'Make a stand for independent, creative film making in a world where the pressures of conformism and commercialism are becoming more powerful every day'
Tuesday, 20 April 2010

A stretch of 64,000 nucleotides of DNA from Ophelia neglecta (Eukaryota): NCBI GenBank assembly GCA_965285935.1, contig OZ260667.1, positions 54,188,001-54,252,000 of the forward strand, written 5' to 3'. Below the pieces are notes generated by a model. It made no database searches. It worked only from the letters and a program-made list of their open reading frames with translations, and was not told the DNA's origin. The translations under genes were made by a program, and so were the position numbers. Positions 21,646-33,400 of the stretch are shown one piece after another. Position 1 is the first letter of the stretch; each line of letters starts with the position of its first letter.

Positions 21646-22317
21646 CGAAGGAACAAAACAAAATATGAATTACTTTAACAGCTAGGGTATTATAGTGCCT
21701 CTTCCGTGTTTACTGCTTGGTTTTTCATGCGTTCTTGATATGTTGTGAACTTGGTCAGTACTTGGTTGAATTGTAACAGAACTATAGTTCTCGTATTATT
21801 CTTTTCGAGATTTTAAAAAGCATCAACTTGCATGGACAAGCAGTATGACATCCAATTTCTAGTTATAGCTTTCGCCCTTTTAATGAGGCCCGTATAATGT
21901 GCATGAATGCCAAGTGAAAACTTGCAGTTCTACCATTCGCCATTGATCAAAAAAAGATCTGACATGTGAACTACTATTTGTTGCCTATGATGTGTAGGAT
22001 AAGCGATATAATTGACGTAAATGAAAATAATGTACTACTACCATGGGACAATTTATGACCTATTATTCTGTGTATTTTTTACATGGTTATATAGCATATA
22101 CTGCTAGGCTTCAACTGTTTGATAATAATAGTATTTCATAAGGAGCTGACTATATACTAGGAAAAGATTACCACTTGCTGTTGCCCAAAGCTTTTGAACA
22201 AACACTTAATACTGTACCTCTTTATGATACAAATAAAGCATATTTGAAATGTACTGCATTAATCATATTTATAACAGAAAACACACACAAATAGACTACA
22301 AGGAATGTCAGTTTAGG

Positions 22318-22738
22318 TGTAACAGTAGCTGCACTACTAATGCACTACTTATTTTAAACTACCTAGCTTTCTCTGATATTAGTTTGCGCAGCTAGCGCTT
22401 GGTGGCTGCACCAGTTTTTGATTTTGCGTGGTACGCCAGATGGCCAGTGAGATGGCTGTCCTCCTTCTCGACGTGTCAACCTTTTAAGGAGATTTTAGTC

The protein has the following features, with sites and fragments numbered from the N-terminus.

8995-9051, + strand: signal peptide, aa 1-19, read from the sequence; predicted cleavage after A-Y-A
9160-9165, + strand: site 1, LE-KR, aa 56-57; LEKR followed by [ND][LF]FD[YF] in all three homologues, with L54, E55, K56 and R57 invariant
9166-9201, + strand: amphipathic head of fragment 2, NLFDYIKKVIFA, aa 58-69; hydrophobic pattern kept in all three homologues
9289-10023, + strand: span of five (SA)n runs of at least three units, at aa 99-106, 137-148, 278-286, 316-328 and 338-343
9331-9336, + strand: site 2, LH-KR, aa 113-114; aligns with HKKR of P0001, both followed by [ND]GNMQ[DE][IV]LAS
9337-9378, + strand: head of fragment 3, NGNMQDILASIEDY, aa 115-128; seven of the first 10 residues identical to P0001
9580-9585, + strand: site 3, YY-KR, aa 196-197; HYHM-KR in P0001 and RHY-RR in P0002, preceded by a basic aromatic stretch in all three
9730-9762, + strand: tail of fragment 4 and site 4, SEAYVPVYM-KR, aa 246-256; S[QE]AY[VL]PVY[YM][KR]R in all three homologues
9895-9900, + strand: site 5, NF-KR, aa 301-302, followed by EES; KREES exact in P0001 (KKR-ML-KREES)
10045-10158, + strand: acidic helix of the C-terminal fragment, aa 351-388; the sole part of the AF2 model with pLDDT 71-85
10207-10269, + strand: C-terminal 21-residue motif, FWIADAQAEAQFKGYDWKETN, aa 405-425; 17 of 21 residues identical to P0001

Undoubtedly Chile’s most important film release of 2008 was Pablo Larrain’s Tony Manero, which was presented in the ‘Directors Fortnight Selection’ at the Cannes Film Festival. Larrain’s second feature is an impressive thriller about a psychopath obsessed with John Travolta’s character in Saturday Night Fever. With its graphic sex, unexplained violence and strong performances it’s an interesting but rather bizarre film from a country whose film industry is still allegedly undeveloped. Set in Santiago in 1978 with its deserted streets, shuttered shop fronts and walls covered with painted over posters, the director illustrates how working class Chileans retreat from the realities of life in a film he described as an allegory of life under the Pinochet regime. Alfred Castro, who also co-wrote the film, plays Raul Peralta an unsmiling disturbed man who’s preoccupied with the idea of impersonating Tony Manero. Raul leads a small group of dancers regularly performing at a bar located in the city when he unleashes his passion by imitating his idol. His dream of being recognized as a successful showbiz star is about to become a reality when the national TV announces a ‘Tony Manero’ impersonating contest. His urge to reproduce his idols likeness occasions some very strange behaviour!